Aims and scope

The Arnold Mathematical Journal publishes interesting and understandable results in all areas of mathematics. The name of the journal is not only a dedication to the memory of Vladimir Arnold (1937 – 2010), one of the most influential mathematicians of the 20th century, but also a declaration that the journal should serve to maintain and promote the scientific style characteristic for Arnold's best mathematical works. 

Features of AMJ publications include:

Popularity. The journal articles should be accessible to a very wide community of mathematicians. Not only formal definitions necessary for the understanding must be provided but also informal motivations even if the latter are well-known to the experts in the field.

Interdisciplinary and multidisciplinary mathematics. AMJ publishes research expositions that connect different mathematical subjects. Connections that are useful in both ways are of particular importance. Multidisciplinary research (even if the disciplines all belong to pure mathematics) is generally hard to evaluate, for this reason, this kind of research is often under-represented in specialized mathematical journals. AMJ will try to compensate for this.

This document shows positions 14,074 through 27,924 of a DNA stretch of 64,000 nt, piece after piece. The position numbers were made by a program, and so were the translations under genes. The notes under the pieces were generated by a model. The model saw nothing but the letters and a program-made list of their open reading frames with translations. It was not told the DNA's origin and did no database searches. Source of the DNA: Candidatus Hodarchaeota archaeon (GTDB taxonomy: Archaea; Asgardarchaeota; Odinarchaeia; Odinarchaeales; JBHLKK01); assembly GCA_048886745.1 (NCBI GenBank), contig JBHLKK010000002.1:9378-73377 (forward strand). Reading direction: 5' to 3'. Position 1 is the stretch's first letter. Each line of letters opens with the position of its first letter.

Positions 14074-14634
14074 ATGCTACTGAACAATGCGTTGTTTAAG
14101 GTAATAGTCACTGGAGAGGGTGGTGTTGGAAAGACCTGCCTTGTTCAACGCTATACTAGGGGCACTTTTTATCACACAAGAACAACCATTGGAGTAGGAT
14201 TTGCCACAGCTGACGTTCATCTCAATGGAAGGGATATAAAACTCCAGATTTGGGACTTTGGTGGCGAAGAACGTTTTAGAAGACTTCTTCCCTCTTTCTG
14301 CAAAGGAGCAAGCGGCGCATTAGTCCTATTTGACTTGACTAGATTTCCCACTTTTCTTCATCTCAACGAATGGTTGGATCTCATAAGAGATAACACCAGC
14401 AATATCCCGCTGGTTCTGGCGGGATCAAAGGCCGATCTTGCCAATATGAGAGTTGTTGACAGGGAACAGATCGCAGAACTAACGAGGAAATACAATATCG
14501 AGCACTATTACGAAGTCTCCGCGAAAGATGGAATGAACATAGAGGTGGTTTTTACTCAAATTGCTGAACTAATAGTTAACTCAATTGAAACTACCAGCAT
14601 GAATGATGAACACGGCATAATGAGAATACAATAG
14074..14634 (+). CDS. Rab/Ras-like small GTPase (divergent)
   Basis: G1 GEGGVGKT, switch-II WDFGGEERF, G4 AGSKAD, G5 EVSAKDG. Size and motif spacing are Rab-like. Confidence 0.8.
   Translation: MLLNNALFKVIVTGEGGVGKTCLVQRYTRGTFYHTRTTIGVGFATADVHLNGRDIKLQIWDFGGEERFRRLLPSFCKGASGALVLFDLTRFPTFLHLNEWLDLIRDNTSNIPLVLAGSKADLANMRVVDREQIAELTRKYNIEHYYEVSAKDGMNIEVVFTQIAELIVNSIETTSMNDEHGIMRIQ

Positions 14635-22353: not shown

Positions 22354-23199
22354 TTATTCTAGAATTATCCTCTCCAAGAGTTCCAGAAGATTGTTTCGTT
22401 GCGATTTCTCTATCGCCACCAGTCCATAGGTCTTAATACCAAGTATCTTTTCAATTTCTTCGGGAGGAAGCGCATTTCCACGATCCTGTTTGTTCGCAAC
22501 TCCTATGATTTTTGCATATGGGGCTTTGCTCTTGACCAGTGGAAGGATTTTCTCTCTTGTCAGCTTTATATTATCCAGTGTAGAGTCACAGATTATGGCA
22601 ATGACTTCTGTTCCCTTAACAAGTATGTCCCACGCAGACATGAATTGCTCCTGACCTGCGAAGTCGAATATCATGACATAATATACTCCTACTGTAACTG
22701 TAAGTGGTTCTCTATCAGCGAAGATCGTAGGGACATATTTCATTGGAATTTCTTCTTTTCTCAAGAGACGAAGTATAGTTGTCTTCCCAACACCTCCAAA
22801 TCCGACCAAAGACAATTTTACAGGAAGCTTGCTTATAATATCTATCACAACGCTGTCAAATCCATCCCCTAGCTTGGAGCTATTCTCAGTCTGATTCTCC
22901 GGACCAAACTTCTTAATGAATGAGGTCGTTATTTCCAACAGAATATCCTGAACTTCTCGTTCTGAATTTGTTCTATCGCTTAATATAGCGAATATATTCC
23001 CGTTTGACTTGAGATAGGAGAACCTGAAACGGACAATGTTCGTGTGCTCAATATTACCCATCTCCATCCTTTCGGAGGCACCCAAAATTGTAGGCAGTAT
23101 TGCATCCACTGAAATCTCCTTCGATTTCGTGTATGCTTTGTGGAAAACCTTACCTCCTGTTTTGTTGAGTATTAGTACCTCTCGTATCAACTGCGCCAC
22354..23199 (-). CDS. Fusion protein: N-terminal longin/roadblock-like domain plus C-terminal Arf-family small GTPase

Problems, objectives, work in progress. Most scholarly publications present results of a research project in their “final" form, in which all posed questions are answered. Some open questions and conjectures may be even mentioned, but the very process of mathematical discovery remains hidden. Following Arnold, publications in AMJ will try to unhide this process and made it public by encouraging the authors to include informal discussion of their motivation, possibly unsuccessful lines of attack, experimental data and close by research directions.
AMJ publishes well-motivated research problems on a regular basis.  Problems do not need to be original; an old problem with a new and exciting motivation is worth re-stating. Following Arnold's principle, a general formulation is less desirable than the simplest partial case that is still unknown.

Being interesting. The most important requirement is that the article be interesting. It does not have to be limited by original research contributions of the author; however, the author's responsibility is to carefully acknowledge the authorship of all results. Neither does the article need to consist entirely of formal and rigorous arguments. It can contain parts, in which an informal author's understanding of the overall picture is presented; however, these parts must be clearly indicated.


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